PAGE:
The path that an owner follows in leading their organization through a successful transition to another owner is a personal process.  Owners will not exit/stop working in their business until they are truly ready to do so and when an owner understands what they are trying to achieve as well as their readiness to achieve it, they are making great progress towards a successful exit. This newsletter is written to assist owners with interpreting their goals and readiness for an exit and then understanding which exit options may be most appropriate for their situation.

An Owner’s Readiness for an Exit Drives the Best Options

All business exit planning begins and ends with what an owner wants most combined with how well-prepared they are to execute.  For example, an owner may want his key person to take over the business in the future.  Well if there is a risk that the business will not survive in the hands of the key employee, then that owner will certainly want to first know how dependent they are on the business’s future success and income, i.e. that owners’ financial readiness for an exit.  In this case, if the owner has sufficient assets and streams of income outside of the business, he or she may not need to worry about the future success of the business (at least from a personal, financial perspective).  More often, however, owners are not ‘ready’ for this transition because they are, in fact, dependent upon the future success of the business to fund their lifestyle.

By contrast, an owner who is ready to leave the business today may decide that they do not want to take the time to transition to the managers over a series of years.  This ‘high mental readiness’, i.e., the desire to move on from the business right away, may lead that owner down the path of selling to an outside party and/or an investment group (such as a private equity group).  In this case, the owner’s ‘mental readiness’ will drive them towards a sale transaction as the best option to meet their current needs and desires.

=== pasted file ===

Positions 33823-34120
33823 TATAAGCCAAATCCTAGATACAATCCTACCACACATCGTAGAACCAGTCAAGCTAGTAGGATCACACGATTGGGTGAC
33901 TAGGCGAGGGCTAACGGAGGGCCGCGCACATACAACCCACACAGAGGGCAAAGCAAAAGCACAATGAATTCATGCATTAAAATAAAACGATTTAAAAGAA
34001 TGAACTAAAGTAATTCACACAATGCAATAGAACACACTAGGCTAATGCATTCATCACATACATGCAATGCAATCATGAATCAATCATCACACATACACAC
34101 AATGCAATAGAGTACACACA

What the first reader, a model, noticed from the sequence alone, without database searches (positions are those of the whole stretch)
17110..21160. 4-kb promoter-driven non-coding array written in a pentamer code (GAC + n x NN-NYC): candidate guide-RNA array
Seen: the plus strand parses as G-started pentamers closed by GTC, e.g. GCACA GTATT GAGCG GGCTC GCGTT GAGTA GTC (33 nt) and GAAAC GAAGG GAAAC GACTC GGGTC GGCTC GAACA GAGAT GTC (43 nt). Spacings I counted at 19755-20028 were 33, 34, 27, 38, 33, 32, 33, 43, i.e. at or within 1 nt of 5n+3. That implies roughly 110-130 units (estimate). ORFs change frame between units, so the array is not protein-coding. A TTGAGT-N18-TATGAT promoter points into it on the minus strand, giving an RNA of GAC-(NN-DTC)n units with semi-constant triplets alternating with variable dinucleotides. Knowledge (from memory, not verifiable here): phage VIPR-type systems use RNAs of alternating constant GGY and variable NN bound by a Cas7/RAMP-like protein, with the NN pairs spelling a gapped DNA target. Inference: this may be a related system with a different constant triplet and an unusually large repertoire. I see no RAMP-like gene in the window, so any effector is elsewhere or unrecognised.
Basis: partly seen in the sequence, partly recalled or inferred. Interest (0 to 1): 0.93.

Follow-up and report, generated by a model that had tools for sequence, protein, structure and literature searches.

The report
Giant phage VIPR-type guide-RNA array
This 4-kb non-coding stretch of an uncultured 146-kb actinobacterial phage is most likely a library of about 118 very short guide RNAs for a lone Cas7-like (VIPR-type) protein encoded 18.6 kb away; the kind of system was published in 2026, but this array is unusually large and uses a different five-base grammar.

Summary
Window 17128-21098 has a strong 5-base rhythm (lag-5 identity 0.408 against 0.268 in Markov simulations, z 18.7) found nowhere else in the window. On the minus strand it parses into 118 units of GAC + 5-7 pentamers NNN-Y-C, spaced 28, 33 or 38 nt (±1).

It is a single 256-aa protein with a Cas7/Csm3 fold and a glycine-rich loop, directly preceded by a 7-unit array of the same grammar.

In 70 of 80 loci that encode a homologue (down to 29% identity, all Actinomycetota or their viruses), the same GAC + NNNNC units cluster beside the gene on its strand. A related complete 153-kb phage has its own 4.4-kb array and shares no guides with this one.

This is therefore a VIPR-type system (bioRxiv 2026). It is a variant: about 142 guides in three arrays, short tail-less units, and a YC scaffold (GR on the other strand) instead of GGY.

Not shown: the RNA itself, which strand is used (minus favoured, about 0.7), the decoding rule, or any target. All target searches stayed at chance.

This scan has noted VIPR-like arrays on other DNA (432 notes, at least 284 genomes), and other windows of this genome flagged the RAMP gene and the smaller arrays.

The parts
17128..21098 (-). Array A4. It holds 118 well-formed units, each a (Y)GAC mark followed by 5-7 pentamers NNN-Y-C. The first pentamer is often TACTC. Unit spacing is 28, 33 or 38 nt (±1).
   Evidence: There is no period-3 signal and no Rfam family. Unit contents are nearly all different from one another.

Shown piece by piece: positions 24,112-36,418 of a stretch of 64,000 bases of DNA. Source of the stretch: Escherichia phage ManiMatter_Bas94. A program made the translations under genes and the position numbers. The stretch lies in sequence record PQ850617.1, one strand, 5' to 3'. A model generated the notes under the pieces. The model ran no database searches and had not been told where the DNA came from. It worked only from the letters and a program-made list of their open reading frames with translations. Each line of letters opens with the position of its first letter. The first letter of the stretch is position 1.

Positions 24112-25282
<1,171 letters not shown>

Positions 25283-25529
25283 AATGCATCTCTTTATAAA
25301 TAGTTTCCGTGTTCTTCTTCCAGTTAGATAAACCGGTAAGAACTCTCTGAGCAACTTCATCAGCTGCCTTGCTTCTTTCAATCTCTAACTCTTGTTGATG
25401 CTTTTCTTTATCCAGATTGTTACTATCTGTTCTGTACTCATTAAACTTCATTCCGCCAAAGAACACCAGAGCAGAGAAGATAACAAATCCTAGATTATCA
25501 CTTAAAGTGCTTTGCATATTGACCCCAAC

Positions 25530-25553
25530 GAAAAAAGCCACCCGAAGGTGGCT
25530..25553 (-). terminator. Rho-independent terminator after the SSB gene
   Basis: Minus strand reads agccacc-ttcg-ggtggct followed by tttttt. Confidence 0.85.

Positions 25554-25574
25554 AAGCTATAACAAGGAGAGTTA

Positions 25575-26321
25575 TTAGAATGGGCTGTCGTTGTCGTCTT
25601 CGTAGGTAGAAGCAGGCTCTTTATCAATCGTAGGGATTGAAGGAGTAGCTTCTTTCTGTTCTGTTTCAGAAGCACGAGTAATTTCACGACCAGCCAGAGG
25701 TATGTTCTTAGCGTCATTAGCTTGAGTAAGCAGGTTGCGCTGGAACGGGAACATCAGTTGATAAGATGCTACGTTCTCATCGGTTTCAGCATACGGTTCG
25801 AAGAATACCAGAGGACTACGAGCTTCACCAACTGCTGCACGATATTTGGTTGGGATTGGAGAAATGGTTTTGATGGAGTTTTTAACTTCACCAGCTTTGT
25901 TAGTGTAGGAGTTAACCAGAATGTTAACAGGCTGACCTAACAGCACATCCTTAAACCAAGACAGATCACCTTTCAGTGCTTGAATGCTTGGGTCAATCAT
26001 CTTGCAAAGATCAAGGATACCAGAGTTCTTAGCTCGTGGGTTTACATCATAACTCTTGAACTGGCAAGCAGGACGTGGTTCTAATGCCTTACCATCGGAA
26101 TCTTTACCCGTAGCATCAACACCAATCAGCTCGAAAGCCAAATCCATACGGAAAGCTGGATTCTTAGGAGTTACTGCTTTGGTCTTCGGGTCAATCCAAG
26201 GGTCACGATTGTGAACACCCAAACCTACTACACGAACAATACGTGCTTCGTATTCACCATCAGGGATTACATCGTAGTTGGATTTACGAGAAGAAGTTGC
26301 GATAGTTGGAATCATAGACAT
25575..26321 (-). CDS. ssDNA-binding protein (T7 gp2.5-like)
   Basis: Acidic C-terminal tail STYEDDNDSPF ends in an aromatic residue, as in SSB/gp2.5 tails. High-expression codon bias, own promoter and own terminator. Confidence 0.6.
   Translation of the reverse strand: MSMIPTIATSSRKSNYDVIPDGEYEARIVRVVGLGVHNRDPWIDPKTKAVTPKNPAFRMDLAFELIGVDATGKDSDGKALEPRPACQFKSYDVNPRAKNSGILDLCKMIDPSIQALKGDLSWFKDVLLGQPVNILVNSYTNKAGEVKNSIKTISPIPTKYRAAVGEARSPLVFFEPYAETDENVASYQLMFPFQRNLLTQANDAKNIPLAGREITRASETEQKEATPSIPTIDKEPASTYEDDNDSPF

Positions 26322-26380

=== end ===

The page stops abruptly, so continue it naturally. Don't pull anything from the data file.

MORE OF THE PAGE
The Different Exit Options

In the world of private business transfers, there are five (5) primary ways that a business can transition.  Along the path of ‘external’ buyers, there are competitors and investment groups that can purchase the business, the first two (2) options.  By contrast, along the lines of ‘insiders’ who can purchase the business, there are family members, managers, and co-owners.  ‘Internal transfers’ can consist of a management buyout, an employee stock ownership plan, and/or gifting to others, such as family members.  As in the examples above, an owner’s readiness for an exit will determine which exit options are best to help them meet their goals.

The Pros and Cons of Each Option

Each exit option has different pros and cons.  For example, a sale to a competitor may yield you the highest price.  However, it may take the longest to consummate, have the most challenging process for engagement as well as end with you losing control of your business as well as, perhaps having key people laid off after the sale.  By contrast, a sale to your management team may provide the greatest flexibility for structuring a deal to meet your specific needs.  However, the payments from the management team will most likely be drawn from the future, continued success of the business and, therefore, will remain at risk of you receiving them to fill your Value Gap.

Knowing Which Option is Best for You Today

Each owner is different, and each exit plan should be customized to fit that owner’s needs.  With that being said, the option that is best for you today is most likely the one that you want to see happen and the one that you are most ready to execute.

The overall point of this newsletter is that most of this ‘exit and readiness analysis’ comes down to personal readiness for a transaction, not how well your company is performing.  This may run counter to many of the myths or strategies that you may have come to hear about over the years.  However, if you think through what the business means to you and what you mean to the business then you are likely to agree that nothing will happen with the business’s future until you determine what you want to happen and that you are prepared to make it happen.

Financial and Mental Readiness

Along the lines of this being mostly a personal assessment, our analysis turns on the critical factors of  an owners’ ‘mental readiness’ and ‘financial readiness’ as the starting points for determining an owner’s overall readiness to consider the exit options available to meet their needs.

Concluding Thoughts

We hope that this newsletter helps you see that business exit planning, for most owners, is a personal process.  And, because it is a personal process, we believe that owners are best served in first determining their individual goals and then their ‘financial and mental readiness’ for their exit.  We hope that you also see it the same way.

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